Source: Johns Hopkins Medical Institutions

Explore further: Scientists give tumor-fighting cells a boost in battling bone marrow cancer

Related Stories

Scientists give tumor-fighting cells a boost in battling bone marrow cancer

June 1, 2017
Researchers from Belgium led by Prof. Dirk Elewaut of the VIB-UGent Center for Inflammation Research and the team of Prof. Vanderkerken and Prof. Menu at the Hematology and Immunology lab of the VUB uncovered a new way to ...

Redirecting our immune cells to help fight children's cancer

November 6, 2013
Immune cells, known as Natural Killer T cells, could be redirected to help fight the childhood cancer, neuroblastoma, according to research presented at the National Cancer Research Institute (NCRI) Cancer Conference in Liverpool ...

Researchers find source of new lineage of immune cells

February 12, 2014
The elusive progenitor cells that give rise to innate lymphoid cells—a recently discovered group of infection-fighting white blood cells—have been identified in fetal liver and adult bone marrow of mice, researchers from ...

Scientists discover immune cells could protect against obesity

October 1, 2012
(Medical Xpress)—New research has found that a type of anti-tumour immune cell protects against obesity and the metabolic syndrome that leads to diabetes. Results showing that immune cells known to be protective against ...

Researchers uncover marker important to effectiveness of natural killer T cells

May 17, 2016
Natural killer T cells, or NKT cells, are potent warriors against solid tumor cancers. However, the potential for this small subset of white blood cells has been limited by the lack of understanding of how they can be multiplied ...

Researchers overcome barrier to cancer immunotherapy

September 2, 2011
(Medical Xpress) -- In lab studies, researchers at Virginia Commonwealth University Massey Cancer Center have effectively reprogrammed cells of the innate and adaptive immune system to overcome a key cancer defense mechanism ...

Recommended for you

Study may explain failure of retinoic acid trials against breast cancer

July 25, 2017
Estrogen-positive breast cancers are often treated with anti-estrogen therapies. But about half of these cancers contain a subpopulation of cells marked by the protein cytokeratin 5 (CK5), which resists treatment—and breast ...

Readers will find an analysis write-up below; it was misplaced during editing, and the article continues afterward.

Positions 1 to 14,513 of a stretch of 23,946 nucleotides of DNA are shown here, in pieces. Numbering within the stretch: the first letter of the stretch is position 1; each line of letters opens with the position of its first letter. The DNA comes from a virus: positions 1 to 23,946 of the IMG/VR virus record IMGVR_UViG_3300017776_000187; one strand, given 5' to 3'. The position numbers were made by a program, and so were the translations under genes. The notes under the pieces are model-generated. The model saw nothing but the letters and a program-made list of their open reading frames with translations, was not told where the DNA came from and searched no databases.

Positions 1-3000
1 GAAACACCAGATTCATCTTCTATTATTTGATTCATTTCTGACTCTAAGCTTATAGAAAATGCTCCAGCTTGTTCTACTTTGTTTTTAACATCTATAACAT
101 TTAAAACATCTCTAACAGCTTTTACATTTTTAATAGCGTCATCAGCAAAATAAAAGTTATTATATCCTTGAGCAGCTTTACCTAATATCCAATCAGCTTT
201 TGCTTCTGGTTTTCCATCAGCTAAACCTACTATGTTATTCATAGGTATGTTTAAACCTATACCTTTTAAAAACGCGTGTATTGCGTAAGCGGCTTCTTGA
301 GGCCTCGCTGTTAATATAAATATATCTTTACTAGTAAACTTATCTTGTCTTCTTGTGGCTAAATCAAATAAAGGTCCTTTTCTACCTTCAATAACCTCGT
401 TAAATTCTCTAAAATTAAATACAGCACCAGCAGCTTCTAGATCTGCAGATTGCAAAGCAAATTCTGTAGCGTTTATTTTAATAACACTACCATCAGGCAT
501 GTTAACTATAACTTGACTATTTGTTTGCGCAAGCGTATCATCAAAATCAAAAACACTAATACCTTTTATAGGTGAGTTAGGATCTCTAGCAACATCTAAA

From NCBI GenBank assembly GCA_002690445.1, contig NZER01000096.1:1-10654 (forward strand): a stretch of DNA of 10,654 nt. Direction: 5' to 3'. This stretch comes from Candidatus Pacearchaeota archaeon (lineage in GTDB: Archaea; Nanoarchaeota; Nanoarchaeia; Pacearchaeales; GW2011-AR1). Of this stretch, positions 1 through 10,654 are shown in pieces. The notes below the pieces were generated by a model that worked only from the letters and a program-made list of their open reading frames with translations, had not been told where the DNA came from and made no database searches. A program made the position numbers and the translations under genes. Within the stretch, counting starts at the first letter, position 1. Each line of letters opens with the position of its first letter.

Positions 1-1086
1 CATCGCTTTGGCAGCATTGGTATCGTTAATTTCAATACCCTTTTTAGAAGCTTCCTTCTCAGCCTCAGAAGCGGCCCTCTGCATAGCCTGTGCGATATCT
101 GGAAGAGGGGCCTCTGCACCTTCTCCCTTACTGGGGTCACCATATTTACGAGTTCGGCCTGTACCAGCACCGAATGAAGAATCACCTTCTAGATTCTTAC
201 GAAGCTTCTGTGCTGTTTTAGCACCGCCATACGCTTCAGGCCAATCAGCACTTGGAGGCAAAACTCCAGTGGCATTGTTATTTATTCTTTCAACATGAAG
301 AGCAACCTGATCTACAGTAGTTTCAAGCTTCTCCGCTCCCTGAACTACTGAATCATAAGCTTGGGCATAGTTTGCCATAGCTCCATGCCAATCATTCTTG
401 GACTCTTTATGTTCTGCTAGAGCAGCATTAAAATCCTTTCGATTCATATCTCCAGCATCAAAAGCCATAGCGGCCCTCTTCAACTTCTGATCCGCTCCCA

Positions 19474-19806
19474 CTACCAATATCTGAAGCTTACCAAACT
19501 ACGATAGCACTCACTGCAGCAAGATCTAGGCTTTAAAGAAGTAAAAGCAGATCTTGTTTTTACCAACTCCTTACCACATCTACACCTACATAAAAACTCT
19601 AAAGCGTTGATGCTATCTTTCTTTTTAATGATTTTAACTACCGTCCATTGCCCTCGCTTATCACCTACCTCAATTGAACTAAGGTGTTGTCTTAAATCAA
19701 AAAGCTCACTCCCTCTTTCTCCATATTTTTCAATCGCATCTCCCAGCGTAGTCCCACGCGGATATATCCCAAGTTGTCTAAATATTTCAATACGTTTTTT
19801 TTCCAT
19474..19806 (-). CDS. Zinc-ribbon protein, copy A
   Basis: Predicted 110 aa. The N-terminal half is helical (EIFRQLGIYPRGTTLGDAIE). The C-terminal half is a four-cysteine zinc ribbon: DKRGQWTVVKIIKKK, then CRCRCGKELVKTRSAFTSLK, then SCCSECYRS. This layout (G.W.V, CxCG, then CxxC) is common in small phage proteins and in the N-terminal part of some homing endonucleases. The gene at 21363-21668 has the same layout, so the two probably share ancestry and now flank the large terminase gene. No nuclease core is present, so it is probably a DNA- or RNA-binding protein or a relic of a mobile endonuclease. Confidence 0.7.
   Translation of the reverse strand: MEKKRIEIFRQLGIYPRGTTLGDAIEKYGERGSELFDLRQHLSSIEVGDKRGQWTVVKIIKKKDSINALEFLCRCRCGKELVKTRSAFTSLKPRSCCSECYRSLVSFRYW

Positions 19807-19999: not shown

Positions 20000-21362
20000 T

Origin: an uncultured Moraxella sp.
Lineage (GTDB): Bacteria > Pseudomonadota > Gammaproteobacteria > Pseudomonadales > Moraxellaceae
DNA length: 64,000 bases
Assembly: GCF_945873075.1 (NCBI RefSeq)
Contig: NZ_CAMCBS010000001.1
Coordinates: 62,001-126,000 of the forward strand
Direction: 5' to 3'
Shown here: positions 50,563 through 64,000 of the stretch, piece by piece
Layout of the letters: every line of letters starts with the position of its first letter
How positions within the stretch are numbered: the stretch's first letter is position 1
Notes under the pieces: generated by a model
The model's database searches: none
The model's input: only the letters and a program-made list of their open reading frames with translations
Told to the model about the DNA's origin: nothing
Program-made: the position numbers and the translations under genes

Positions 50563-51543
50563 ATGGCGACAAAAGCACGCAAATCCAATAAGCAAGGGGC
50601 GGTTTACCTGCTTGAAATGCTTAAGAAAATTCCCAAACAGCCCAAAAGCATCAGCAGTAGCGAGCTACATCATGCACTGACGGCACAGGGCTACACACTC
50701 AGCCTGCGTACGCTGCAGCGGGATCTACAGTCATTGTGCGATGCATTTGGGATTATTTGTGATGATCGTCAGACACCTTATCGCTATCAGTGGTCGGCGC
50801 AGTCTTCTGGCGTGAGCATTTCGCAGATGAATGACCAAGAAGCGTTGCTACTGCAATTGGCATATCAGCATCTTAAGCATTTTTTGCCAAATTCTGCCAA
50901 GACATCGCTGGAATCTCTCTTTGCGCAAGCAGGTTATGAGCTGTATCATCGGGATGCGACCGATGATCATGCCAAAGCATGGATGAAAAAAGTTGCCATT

Physical activity could combat fatigue, cognitive decline in cancer survivors

July 25, 2017
A new study indicates that cancer patients and survivors have a ready weapon against fatigue and "chemo brain": a brisk walk.

Breaking the genetic resistance of lung cancer and melanoma

July 25, 2017
Researchers from Monash University and the Memorial Sloan Kettering Cancer Center (MSKCC, New York) have discovered why some cancers – particularly lung cancer and melanoma – are able to quickly develop deadly resistance ...

New therapeutic approach for difficult-to-treat subtype of ovarian cancer identified

July 24, 2017
A potential new therapeutic strategy for a difficult-to-treat form of ovarian cancer has been discovered by Wistar scientists. The findings were published online in Nature Cell Biology.

Immune cells the missing ingredient in new bladder cancer treatment

July 24, 2017
New research offers a possible explanation for why a new type of cancer treatment hasn't been working as expected against bladder cancer.

Anti-cancer chemotherapeutic agent inhibits glioblastoma growth and radiation resistance

July 24, 2017
Glioblastoma is a primary brain tumor with dismal survival rates, even after treatment with surgery, chemotherapy and radiation. A small subpopulation of tumor cells—glioma stem cells—is responsible for glioblastoma's ...

0 comments

Please sign in to add a comment. Registration is free, and takes less than a minute. Read more

Click here to reset your password.
Sign in to get notified via email when new comments are made.